Get a felt pen that will write on glass and mark on the side of the jar where the top of the soil comes to. Alternatively, stick a strip of adhesive tape on the glass and mark the top of the soil on the tape.
Now fill the jar with water to within about one inch of the top and add a teaspoonful of ordinary dishwashing detergent- a low suds type is best, but low-sudsing is not critical. Seal the jar and shake it hard. And shake. And shake some more. Now shake really hard. Shake for five to ten minutes. Shake until every particle of soil in the jar that had aggregated (formed clumps that resist coming apart) has been separated from every other particle (this is the reason for the soap).
Now comes the measurement. Stop shaking and immediately put the jar down in bright light, say on a windowsill. Wait exactly two minutes, by the clock, from the moment you stopped shaking. Then look closely, using a bright flashlight if necessary to see into the murky water. Unless what you've been shaking is pure clay, some of the soil will probably have settled out and will be resting on the bottom. That deposit is your "sand fraction". Mark the depth of the sand fraction on the side of the jar.
Now go away for a while, but come back exactly two hours after you stopped shaking, take another look and make another mark. What settled after the first two minutes but within two hours is the silt fraction. Silt particles are finer than sand but are still just tiny broken and rounded-off bits of rock. At this point, all that remains suspended in the water is the clay and maybe the organic matter. Clay can take a long time to settle out- days, sometimes weeks. If you wanted perfect accuracy you'd waity until the water was clear and then make another line, but practically speaking the first mark you made, showing where the dry soil came to when you first filled the jar will be close enough. If the clay fraction settles within 12 hours, that's a good sign you have a relatively coarse sort of clay. Any soil that contains much fine clay will be harder to work with. So now you know that you have so many inches of sand, so many of silt, and so many of clay. Calculate the percentage of each. Run this test on each soil layer you encountered when digging your hole.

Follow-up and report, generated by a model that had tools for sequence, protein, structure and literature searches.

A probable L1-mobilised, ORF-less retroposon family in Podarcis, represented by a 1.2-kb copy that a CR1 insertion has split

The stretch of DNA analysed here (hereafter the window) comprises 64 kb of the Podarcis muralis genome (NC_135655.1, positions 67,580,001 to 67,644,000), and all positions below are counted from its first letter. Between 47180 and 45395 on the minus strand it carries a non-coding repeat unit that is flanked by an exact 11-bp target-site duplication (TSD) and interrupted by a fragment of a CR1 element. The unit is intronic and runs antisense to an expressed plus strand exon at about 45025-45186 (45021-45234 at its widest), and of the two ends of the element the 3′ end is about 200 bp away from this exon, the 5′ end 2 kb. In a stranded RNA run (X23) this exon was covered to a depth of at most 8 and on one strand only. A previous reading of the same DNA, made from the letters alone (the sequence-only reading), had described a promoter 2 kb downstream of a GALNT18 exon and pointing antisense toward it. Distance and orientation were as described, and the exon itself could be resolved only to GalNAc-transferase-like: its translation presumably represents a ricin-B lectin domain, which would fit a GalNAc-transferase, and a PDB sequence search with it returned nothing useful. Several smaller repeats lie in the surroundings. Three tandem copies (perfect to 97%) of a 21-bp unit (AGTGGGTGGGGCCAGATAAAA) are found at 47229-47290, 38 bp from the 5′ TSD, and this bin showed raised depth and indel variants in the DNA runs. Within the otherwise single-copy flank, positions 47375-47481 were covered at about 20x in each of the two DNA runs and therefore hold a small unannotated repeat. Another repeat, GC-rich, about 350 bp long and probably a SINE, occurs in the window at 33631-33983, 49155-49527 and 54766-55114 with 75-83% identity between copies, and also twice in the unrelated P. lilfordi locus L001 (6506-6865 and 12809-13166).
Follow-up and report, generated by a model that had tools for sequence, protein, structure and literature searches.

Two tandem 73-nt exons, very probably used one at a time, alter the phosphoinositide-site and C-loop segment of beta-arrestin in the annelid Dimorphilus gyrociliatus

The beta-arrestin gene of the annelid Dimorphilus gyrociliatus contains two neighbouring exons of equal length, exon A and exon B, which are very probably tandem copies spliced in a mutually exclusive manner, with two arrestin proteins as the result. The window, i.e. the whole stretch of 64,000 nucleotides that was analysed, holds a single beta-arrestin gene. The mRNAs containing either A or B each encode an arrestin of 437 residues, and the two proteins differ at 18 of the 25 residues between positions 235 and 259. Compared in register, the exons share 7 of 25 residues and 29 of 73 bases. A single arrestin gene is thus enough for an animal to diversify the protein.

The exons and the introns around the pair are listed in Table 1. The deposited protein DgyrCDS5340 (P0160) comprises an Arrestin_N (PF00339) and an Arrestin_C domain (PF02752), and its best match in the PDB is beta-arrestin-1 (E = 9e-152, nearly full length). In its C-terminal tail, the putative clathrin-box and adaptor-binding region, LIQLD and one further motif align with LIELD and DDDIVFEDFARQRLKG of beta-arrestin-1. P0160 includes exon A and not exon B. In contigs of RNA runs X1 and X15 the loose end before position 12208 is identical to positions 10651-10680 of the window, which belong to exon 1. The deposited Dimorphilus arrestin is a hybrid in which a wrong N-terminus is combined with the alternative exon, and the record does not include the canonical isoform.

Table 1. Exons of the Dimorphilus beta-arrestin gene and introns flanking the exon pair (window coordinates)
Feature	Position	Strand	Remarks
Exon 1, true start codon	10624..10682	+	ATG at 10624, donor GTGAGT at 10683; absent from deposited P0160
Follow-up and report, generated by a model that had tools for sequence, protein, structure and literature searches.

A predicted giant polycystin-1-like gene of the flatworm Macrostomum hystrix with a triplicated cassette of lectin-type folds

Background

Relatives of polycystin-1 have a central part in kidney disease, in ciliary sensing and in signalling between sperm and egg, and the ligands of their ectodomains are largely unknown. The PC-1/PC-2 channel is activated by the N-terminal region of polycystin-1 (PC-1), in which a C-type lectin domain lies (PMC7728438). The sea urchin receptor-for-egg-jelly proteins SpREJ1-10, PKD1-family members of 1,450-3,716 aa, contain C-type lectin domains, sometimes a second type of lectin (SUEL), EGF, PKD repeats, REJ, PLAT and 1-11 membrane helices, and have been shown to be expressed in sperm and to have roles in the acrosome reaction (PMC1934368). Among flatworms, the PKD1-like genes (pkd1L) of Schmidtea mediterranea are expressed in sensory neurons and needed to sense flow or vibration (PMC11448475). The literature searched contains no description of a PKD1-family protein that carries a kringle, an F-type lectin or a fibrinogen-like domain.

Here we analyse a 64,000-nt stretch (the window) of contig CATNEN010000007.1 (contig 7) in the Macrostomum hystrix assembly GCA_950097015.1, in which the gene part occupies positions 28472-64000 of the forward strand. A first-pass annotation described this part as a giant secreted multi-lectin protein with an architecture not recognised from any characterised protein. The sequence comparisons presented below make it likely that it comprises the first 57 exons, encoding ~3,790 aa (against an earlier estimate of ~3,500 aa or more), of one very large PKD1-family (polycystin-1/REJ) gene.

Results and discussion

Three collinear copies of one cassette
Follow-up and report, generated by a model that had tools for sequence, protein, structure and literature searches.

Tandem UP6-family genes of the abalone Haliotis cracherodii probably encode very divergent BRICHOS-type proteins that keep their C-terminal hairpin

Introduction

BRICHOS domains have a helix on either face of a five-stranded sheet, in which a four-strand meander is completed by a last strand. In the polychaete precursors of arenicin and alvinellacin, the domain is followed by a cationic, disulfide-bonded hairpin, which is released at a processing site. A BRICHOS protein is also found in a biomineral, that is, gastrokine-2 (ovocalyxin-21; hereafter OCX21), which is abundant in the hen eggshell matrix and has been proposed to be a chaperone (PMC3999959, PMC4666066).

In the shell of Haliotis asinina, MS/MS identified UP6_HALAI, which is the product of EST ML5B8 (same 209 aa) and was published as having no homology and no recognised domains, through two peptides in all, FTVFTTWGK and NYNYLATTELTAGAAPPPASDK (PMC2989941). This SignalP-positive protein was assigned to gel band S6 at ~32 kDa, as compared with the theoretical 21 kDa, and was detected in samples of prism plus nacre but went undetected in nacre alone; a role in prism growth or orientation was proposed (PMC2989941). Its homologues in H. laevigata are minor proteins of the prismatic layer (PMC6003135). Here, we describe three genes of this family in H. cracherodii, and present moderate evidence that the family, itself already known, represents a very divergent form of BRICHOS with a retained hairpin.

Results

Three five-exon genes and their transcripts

One benefit of knowing the percentage of each type of soil in your garden is that the mix of soil particles indicates how much water that soil can hold for the benefit of growing plants.
A sand soil is defined scientifically as one with less than 10 percent silt or clay. A medium soil could be any mix of sand and silt that has at least 20 percent clay, but less than 35 percent clay. If it contains no more than half clay, it can be an excellent soil to grow a garden in. If it is more than half clay, it can be a difficult soil to work.
The total sample depth was 3". We ended up with 1" of sand, 1 1/4" of silt, and 3/4" clay. Our non-precise, but close enough for my satisfaction, percentage totals are:
Which is much less clay than I would have bet on. I would have guessed us to be much closer to the 50% mark so I'm quite pleased with these results and am very happy to see that we have pretty decent soil making our work in the garden a bit easier!
*All quotes taken from Garden When It Counts by Steve Solomon.
For my complete thoughts regarding this book, you can read my review here.